“Show me the money!” … The role of sports-player agent has become almost synonymous with movie character Jerry McGuire, and his famous catch cry. It has evolved over time with the sports industry and more New Zealand athletes, both professional and amateur, are now employing the expertise of an agent.

It is now generally accepted by athletes and teams alike that a player won’t negotiate their own contract.  This is a far cry from the days when a player was traded before a team manager would deal with a sports agent.

The role of sports agent is primarily devoted to negotiating sports contracts, but inevitably overlaps into various other areas including legal advice.  However, the need for specialised independent legal advice in certain situations cannot be overstated.

Given the size of New Zealand and the specialist nature of the role is it is relatively common for a sports agent to represent more than one player from the same team.  This can give rise to a conflict of interest as it is not unusual for an agent to be negotiating multiple contracts (for multiple clients) from the same team management.  As a result a player can suddenly find themselves at a distinct disadvantage.

The relative size of our industry makes it foreseeable that an agent might be placed in a position where he or she compromises the demands of one client in order to seek a more favourable contract for another.  It might also be possible to use the bargaining power of one client to improve the negotiating position of the other client.  Whether it’s done consciously or sub-consciously, the result is the same – one client’s interests can be favoured over the interests of the other.  This position is even more concerning in situations where a team or sport is subject to a salary cap.  In such circumstances athletes are dividing a fixed amount of money.

Take Joe.  Joe plays for the BCs and is represented by a leading sports agent.  However, so are a number of other athletes on his team.  This has sometimes worked in Joe’s favour because of the leverage that can result from his agent having larger negotiating power with team management.  However, at salary negotiations with team management this year Joe’s agent was told that salaries had been capped.  This meant Joe’s agent had to get the best salaries he could for Joe and his three other clients, from the same pool of money.  In this situation is it possible for Joe’s agent to put Joe’s interests above all his other clients?  Isn’t Joe’s agent more likely to try to reach the most amenable arrangement for all of his four clients?

To further complicate matters, a sports agent might represent both players and the coach of the same team.  Coaches often naturally take an active role in the personnel decisions made by management and so often align themselves with management.  This might see your agent subconsciously seeking a lesser salary or incentives for you, in favour of your coach’s interests.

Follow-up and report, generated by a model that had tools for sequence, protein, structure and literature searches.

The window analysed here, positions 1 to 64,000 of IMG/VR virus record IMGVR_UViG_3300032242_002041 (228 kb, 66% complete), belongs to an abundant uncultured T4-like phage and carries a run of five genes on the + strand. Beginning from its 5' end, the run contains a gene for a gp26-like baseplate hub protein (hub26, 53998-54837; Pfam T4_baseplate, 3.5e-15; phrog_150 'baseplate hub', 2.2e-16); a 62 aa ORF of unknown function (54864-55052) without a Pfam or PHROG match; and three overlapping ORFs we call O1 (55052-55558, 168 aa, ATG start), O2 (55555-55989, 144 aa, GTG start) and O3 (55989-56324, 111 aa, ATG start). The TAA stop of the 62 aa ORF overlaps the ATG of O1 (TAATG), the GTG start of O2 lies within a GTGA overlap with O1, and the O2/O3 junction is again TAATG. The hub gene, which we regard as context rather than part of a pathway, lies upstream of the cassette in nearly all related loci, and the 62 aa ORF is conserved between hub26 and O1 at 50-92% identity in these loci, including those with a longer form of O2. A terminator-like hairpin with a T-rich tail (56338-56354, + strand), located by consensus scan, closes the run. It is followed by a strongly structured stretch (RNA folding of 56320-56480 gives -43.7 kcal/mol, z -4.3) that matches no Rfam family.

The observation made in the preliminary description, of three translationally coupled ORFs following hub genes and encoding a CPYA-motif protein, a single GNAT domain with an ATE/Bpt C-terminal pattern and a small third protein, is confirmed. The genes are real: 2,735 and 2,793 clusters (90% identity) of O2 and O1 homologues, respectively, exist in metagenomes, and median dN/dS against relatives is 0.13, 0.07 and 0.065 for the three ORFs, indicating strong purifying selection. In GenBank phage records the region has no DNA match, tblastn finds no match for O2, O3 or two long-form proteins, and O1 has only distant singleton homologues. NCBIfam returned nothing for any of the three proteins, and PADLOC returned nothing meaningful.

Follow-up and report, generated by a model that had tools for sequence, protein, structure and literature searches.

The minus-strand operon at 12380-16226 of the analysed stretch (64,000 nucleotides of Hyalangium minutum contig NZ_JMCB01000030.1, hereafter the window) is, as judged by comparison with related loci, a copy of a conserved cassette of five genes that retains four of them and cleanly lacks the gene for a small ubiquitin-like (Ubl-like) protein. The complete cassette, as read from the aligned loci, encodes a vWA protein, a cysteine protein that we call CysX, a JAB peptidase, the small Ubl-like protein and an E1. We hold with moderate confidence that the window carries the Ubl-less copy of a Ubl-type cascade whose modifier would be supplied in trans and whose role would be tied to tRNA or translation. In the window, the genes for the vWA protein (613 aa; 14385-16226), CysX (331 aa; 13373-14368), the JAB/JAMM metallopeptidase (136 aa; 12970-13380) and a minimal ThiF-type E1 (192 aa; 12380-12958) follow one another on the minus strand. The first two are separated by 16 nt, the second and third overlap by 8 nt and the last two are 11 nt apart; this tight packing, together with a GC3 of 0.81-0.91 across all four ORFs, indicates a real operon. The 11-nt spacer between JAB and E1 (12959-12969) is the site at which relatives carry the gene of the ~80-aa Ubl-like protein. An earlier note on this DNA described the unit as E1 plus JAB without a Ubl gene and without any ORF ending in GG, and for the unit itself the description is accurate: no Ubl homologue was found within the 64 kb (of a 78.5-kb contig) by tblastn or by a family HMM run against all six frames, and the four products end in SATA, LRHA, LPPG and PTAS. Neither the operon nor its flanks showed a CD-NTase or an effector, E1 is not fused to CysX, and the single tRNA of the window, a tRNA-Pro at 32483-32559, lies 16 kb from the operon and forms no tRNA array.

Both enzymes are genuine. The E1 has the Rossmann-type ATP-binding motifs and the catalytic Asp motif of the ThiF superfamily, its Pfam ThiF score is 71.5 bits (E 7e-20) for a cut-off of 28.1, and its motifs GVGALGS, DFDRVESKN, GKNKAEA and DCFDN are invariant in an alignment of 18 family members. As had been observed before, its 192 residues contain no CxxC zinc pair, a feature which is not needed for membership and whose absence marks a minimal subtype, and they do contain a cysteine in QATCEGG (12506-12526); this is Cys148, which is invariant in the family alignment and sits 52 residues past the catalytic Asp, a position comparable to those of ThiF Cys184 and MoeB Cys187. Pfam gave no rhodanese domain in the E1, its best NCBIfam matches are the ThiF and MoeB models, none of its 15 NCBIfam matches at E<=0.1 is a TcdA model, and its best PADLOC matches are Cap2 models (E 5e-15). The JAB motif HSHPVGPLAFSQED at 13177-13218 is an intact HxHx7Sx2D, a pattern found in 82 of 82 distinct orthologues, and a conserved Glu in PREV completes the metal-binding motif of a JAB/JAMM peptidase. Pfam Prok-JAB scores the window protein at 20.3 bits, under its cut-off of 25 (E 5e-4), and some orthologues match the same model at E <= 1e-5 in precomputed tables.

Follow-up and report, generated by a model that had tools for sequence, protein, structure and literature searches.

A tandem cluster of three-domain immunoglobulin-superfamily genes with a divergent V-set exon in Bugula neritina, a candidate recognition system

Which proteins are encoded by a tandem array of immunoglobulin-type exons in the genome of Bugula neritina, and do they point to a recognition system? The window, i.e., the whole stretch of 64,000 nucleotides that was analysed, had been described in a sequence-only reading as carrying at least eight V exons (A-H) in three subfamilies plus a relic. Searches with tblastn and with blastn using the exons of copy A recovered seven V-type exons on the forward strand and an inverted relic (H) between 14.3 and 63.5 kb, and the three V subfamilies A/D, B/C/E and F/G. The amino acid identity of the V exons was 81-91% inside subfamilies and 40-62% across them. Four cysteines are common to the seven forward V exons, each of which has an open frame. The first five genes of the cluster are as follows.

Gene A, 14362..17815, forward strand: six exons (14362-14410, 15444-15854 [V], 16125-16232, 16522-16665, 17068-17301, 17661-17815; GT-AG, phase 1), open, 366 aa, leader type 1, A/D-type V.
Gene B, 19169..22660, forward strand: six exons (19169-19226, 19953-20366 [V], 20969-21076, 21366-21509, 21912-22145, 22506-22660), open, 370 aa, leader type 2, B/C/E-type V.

Individual sports people are not immune. New Zealand is a small country and the corporate sponsorship pool is finite. Your agent might be representing you and others at the negotiation table of a major sponsor, and again may consciously or subconsciously favour the interests of another client over you.

Protecting yourself from these types of situation can start with your contract with your agent. Consult your lawyer to ensure that adequate contractual obligations are put in place to protect yourself from these types of conflicts of interest. While it might be difficult to seek a complete bar on the representation of similar sports-people by your agent, watered-down versions can go some way to protecting your future interests. At the very least you should negotiate an obligation on the part of your agent to disclose any conflicts as they arise.

Even if you do not have these types of protections in your contract, the relationship between a player and their agent itself can give rise to enforceable obligations.

These are called fiduciary obligations. Put simply, these are obligations of loyalty. They arise because of the nature of the relationship between you and your agent and the extent of your reliance on them to act in your best interests. Even without a written contract, your agent has an enforceable obligation to work for and with you to achieve a common objective that is the best outcome for you. Your agent can’t do that effectively when they represent others with similar objectives and aspirations, because they owe the same obligations to those people. And therein lies the conflict.

Here are five hot tips to help minimise the chances of being compromised at the hands of your agent:

Hot Tips:

  1. Involve your lawyer before you sign with an agent to ensure your interests are protected.
  2. Be aware of who else your agent represents – sports players and management.
  3. If you are involved in a team sport, avoid sharing an agent with others in your team if possible.
  4. If applying for individual corporate sponsorship find out as much about the organisation and their sponsorship as possible, including the range of sportspeople who can apply. If your agent represents others who fit the criteria seek independent advice.
  5. Seek independent legal advice about any major decisions involving your future.